]
        }
    ]
}
{
    "Version": "2012-10-17",
    "Statement": [
        {
            "Sid": "InvokeHTTPEndpoint",
            "Effect": "Allow",
            "Action": [
                "states:InvokeHTTPEndpoint"
            ],
            "Resource": [
                "arn:aws:states:us-east-2:123456789012:stateMachine:myStateMachine"
            ]
        }
    ]
}

After you have everything ready, you can create your state machine. In your state machine, add a new task state to call a third-party API. You can configure the API endpoint to point to the third-party URL you need, set the correct HTTP method, pick the connection Amazon Resource Name (ARN) for the connection you created previously as the authentication for that endpoint, and provide a request body if needed. In addition, all these parameters can be set dynamically at runtime from the state JSON input.

Call a third party API

Now, making external requests with Step Functions is easy, and you can take advantage of all the configurations that Step Functions provides to handle errors, such as retries for transient errors or momentary service unavailability, and redrive for errors that require longer investigation or resolution time.

Test state
To accelerate feedback cycles, we are also announcing a new capability to test individual states. This new feature allows you to test states independently from the execution of your workflow. This is particularly useful for testing endpoints configuration. You can change the input and test the different scenarios without the need to deploy your workflow or execute the whole state machine. This new feature is available in all task, choice, and pass states.

You will see the testing capability in the Step Functions Workflow Studio when you select a task.

Test state button

When you choose the Test state, you will be redirected to a different view where you can test the task state. You can test that the state machine role has the right permissions, the endpoint you want to call is correctly configured, and verify that the data manipulations work as expected.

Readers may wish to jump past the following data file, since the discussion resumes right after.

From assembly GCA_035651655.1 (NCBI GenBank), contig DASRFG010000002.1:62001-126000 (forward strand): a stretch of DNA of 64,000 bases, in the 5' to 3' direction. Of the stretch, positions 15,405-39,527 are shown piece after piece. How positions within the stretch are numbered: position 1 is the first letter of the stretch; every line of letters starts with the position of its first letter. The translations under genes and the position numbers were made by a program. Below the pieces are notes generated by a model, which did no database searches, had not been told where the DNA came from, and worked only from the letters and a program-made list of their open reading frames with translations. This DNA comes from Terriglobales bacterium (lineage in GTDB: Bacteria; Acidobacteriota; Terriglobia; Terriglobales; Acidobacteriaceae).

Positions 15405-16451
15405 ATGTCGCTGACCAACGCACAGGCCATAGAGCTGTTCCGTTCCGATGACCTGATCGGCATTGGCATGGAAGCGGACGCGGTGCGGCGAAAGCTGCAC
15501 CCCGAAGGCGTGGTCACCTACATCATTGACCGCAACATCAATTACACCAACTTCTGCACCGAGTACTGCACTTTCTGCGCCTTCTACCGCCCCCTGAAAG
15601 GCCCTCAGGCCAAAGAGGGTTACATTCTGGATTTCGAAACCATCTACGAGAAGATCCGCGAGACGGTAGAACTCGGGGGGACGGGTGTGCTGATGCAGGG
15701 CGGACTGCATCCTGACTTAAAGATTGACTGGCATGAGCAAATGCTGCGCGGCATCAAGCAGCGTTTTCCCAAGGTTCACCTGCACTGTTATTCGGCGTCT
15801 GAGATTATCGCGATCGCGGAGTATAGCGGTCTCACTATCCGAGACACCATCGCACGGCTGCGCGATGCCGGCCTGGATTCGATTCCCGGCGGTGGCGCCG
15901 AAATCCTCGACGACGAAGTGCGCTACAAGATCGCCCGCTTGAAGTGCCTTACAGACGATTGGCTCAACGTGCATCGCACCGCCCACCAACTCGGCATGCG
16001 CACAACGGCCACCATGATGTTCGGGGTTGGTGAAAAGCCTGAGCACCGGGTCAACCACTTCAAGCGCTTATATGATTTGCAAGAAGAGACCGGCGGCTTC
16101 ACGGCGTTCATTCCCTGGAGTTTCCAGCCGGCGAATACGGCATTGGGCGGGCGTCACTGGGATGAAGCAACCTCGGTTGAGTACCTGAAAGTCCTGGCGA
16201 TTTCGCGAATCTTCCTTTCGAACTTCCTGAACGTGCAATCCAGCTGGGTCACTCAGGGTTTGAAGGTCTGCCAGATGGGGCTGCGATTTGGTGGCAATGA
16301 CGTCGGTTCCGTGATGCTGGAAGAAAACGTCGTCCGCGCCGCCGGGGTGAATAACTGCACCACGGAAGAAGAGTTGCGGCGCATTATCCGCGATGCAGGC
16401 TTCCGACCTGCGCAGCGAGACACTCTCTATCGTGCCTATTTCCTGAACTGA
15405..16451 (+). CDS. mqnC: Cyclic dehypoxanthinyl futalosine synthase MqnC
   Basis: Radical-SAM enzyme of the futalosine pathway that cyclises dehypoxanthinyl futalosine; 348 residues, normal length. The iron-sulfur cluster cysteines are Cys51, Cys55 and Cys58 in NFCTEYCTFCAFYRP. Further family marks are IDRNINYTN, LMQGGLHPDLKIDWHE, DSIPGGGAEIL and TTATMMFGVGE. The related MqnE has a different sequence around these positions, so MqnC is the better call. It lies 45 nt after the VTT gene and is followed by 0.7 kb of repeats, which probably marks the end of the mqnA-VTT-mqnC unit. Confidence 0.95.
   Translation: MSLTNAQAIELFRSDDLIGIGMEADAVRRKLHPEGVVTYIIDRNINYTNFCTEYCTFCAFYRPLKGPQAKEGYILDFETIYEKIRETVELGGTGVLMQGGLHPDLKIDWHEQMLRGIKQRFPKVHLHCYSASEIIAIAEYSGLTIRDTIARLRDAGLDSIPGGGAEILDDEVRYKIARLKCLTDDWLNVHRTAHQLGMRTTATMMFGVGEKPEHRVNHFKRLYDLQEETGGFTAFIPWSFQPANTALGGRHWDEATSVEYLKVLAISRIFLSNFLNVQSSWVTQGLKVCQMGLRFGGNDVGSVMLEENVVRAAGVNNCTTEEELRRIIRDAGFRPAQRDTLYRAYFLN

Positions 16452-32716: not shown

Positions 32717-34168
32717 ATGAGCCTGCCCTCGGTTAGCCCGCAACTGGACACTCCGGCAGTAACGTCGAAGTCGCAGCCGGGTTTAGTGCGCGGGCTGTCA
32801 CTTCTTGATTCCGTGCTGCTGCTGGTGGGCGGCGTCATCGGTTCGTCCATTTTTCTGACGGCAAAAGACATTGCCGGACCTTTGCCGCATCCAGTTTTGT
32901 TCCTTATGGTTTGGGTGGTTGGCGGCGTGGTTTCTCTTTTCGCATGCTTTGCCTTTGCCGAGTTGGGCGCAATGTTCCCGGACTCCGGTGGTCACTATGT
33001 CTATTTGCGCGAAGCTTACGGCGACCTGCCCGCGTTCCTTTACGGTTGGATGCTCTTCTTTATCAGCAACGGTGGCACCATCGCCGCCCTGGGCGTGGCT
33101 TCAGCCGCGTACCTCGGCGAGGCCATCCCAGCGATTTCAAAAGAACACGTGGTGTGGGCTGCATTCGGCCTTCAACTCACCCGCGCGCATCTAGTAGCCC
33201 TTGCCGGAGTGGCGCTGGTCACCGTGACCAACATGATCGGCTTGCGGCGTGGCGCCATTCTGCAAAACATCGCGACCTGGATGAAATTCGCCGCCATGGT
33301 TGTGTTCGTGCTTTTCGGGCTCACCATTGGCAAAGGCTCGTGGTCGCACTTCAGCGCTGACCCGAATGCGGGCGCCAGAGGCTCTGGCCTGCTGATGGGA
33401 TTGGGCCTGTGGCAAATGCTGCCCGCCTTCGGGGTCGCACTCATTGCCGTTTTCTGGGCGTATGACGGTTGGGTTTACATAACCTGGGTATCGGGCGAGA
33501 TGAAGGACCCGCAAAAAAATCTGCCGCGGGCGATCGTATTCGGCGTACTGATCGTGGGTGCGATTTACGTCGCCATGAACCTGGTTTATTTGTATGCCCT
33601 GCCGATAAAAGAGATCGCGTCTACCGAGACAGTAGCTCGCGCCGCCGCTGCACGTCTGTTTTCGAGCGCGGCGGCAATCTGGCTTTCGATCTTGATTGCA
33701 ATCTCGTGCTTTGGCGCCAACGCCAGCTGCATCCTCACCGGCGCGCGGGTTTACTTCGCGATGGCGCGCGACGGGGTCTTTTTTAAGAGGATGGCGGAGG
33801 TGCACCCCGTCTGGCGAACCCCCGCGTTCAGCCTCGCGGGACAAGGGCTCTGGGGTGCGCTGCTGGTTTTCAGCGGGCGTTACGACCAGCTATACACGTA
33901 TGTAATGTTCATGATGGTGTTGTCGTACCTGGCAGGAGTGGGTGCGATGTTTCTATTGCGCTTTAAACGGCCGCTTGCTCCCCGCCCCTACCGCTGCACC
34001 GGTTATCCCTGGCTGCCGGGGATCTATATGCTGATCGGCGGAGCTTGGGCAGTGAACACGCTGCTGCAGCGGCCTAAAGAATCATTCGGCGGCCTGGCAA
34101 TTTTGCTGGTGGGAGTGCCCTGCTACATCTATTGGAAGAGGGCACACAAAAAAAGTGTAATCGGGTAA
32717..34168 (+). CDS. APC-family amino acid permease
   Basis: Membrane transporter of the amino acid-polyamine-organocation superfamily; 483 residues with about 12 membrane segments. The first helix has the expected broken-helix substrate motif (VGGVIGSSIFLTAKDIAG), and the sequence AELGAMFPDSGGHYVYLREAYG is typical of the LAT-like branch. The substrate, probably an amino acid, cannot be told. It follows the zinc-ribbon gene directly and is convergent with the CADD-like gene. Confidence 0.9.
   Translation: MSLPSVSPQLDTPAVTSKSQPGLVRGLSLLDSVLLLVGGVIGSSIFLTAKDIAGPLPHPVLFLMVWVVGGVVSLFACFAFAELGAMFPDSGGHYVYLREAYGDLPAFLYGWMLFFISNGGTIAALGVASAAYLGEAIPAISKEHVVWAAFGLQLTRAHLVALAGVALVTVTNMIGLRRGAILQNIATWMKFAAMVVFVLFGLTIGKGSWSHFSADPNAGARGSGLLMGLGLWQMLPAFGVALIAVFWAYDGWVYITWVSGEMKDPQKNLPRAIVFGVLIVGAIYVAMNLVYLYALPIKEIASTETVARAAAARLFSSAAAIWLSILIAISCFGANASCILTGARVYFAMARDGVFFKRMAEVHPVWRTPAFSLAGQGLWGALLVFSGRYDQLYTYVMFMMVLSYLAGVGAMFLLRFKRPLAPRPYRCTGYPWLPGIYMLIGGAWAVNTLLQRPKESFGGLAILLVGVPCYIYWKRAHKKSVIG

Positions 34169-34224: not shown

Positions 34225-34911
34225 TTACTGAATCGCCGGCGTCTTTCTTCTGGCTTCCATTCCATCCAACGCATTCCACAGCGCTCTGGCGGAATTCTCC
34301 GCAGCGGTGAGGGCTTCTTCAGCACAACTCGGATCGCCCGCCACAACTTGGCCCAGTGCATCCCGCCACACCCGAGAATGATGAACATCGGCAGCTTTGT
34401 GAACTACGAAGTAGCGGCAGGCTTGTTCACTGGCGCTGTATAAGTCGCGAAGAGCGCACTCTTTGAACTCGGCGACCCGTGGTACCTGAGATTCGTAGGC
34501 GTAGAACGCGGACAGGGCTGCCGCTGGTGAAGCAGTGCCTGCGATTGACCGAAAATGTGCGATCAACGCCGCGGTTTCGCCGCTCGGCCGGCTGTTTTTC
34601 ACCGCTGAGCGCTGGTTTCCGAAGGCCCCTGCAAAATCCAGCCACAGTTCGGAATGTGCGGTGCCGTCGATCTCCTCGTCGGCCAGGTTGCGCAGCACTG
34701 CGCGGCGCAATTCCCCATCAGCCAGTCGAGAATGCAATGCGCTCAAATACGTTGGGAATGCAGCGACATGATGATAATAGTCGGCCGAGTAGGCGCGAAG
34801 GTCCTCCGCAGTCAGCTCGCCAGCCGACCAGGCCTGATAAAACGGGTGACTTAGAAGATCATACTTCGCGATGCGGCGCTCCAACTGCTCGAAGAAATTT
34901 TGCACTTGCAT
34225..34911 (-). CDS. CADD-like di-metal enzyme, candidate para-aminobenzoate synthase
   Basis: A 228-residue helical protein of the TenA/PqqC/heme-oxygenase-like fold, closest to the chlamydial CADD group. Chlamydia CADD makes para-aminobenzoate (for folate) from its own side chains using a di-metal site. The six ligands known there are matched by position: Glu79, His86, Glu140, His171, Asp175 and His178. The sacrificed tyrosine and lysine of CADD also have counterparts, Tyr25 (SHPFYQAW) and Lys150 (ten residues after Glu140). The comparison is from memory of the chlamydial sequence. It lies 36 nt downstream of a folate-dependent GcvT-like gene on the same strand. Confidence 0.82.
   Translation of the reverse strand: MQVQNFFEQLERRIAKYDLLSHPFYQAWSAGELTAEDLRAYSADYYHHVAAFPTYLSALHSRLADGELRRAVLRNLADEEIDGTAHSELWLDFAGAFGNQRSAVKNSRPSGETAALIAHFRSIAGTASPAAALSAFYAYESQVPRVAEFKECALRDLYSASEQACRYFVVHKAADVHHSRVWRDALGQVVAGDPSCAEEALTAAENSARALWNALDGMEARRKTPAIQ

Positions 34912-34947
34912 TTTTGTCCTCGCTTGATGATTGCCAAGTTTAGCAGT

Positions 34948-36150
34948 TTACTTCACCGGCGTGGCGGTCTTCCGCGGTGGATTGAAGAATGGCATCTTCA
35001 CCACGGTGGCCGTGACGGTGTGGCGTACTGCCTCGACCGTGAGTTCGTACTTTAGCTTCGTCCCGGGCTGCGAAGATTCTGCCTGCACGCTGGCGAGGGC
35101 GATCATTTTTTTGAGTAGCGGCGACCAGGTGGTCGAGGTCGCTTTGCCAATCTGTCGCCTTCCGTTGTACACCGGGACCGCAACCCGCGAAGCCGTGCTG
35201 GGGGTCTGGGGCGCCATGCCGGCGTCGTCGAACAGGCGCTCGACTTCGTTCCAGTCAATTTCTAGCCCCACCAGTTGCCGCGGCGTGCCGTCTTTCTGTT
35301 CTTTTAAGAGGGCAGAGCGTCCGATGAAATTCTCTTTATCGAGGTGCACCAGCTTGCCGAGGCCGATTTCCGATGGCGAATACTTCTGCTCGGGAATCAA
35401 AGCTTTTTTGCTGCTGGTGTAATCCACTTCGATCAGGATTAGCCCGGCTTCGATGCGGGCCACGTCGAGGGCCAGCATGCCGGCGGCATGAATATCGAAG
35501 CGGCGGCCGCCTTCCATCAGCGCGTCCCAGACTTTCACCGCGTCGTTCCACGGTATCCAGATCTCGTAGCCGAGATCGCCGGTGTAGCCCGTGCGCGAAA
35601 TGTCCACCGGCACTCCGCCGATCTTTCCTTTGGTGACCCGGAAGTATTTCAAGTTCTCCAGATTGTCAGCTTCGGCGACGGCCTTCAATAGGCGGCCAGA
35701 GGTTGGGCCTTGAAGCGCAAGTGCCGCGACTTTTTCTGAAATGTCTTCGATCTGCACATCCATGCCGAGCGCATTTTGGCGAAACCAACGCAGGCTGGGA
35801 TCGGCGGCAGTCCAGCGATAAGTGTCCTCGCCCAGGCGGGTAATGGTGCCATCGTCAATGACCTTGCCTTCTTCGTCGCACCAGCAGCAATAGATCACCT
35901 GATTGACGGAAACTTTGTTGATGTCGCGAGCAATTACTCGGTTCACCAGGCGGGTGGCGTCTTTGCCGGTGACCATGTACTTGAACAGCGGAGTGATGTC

How to test a state

Availability
Now, with all the features that Step Functions provides, it’s never been easier to build state machines that can solve a wide variety of problems, like payment flows, workflows with manual inputs, and integration to legacy systems. Using Step Functions HTTPS endpoints, you can directly integrate with popular payment platforms while ensuring that your users’ credit cards are only charged once and errors are handled automatically. In addition, you can test this new integration even before you deploy the state machine using the new test state feature.

These new features are available in all AWS Regions except Asia Pacific (Hyderabad), Asia Pacific (Melbourne), AWS Israel (Tel Aviv), China, and GovCloud Regions.

To get started you can try the “Generate Invoices using Stripe” sample project from Step Functions in the AWS Managment Console or check out the AWS Step Functions Developer Guide to learn more.

Marcia

Leave a Reply

This site uses Akismet to reduce spam. Learn how your comment data is processed.